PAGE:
When choosing this piece for a learner an educator needs to take into consideration the slow waltz character in a lilting triple time with rubato, pedal throughout and expected ornamentation for a piece by Chopin.
The pieces in undoubtedly one of the easiests of Chopin's Waltzes. It was published in 1860, posthumously, that is after the composers death. It was not until 1955 that is was correctly attributed to Chopin. In the Brown indix it is number 150, this means it is the 150th work from the catalogues of Maurice J. E. Brown.
The accompaniment contains the typical Waltz pattern of the principal note being sounded, followed by two chords which are mostly the same with the exception of bars 17 and 21 where the chords change noticeably. Whilst the melody contains some arpeggiation it principally moves in seconds or by leap.
The melodic repetition is apparent in each theme with repeats featuring decoration that is characteristic of Chopin's music. Rhythmic repetition is apparent when different ideas are explored. The piece is predominantly quavers and crotchets. The Rhythmic repetition is dependent upon the melodic repetition to be significant and important.
The shape of the phrase should mimic the human voice with the natural rise and fall of nuance dynamics. The target of each phrase may, or may not, hold the anticipation that the rubato technique provides. Rubato, especially when utilised within this piece, should be applied as if it were chilli sauce, not tomato sauce.
Chopin preferred the Bel Canto style of playing which was recognised in singing, during the eighteenth century as 'beauty and evenness of tone, legato phrasing, and skill in executing highly florid passages'. There are also references to it using portamento, rubato, highly articulated phrasing and the use of gesture to enhance the performance. This should all be considered in the final performance of this short Waltz.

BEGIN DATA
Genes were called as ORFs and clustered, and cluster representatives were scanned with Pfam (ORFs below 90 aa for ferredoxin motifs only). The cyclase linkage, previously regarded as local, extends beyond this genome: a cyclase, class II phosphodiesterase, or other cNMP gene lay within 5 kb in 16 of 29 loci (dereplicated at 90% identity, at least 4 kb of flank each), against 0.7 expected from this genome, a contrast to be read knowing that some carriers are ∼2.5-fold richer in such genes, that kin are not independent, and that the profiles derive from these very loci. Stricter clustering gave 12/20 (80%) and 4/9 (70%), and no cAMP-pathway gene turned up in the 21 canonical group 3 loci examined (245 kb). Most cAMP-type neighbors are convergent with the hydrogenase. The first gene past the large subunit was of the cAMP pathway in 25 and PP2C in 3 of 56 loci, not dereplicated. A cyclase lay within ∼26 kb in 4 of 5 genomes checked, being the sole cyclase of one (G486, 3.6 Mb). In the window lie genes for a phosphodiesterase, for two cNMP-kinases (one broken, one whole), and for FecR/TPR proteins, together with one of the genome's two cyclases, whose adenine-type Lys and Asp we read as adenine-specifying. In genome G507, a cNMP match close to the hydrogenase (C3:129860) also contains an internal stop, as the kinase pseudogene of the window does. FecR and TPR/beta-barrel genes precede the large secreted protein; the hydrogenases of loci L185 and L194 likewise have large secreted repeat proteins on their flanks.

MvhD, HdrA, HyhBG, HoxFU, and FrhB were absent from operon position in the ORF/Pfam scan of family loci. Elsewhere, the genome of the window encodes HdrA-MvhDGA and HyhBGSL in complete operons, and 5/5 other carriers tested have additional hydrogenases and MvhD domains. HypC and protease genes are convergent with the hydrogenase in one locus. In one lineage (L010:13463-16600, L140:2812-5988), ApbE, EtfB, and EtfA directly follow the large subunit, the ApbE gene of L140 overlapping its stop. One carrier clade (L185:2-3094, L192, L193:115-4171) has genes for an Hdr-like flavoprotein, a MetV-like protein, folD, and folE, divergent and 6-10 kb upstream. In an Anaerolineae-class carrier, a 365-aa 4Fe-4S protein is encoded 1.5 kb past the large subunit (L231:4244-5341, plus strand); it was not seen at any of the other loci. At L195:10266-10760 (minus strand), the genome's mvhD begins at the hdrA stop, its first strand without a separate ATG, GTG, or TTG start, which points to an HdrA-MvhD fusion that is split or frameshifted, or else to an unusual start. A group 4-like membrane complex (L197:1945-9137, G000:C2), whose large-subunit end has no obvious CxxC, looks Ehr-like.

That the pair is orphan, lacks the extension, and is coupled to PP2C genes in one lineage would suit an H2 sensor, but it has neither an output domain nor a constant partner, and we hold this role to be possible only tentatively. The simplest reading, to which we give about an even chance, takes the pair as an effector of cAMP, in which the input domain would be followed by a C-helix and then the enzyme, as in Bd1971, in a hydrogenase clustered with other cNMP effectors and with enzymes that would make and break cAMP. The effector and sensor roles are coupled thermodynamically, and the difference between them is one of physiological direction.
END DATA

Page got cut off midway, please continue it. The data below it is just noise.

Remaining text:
This piece benefits from the use of pedal however the melodic lines still need to be clean and accurate. Practice without the pedal to achieve a sticky legato and accurate note placement.
Although called a Waltz, this little piece is not a physical dance but rather a dance through emotions moving from momentary happiness to a melancholy sadness and back again. Chopin aimed to achieve a 'Bel Canto' sound with his music, the phrases should be approached as if they were sung with the natural rise and fall of dynamics.
Whilst the piece contains pedal and rubation, initial practice without either will be of benefit while the accuracy of note placement, both on the key and in the music, is learnt. The finger patterns chosen should be used consistently to enable fluidity of sound however all finger patterns are suggested and the best option for the learner should be chosen from experimentation and practise rather than because it was shown.
"One needs only to study a certain positioning of the hand in relation to the keys to obtain with ease the most beautiful sounds. To know how to play long notes and short notes and to achieve certain unlimited dexterity. A well formed technique, it seems to me, can control and vary a beautiful sound quality." Chopin. This quote from Chopin sums performance skills up perfectly. A well formed technique will produce the beautiful sound Chopin strove for.
To understand the chord patterns and the use of remote notes in the bass, use the initial lessons to introduce the chord map for the piece, associated scales and how the chords relate to the scales and cadences. This will be of great benefit to the student and show the connections between key, chord and emotion.
An accomplished learner will be confident with a singing melody and accurate placement of decoration. The tempo would be brisk with complementary rubato, dynamics and phrasing. Pedal skills will be clean supportive of the harmonic interaction with the melody.
A satisfying performance will have a triple time rhythm, some dynamics interest and an emerging singing style. Pedal work will be clean and supporting the bass line.
On completion of the learning process an acceptable performance may be a little under time but will have a triple time rhythm with some pedal skills. Some pedal skills will be present but a slight blurring may occur.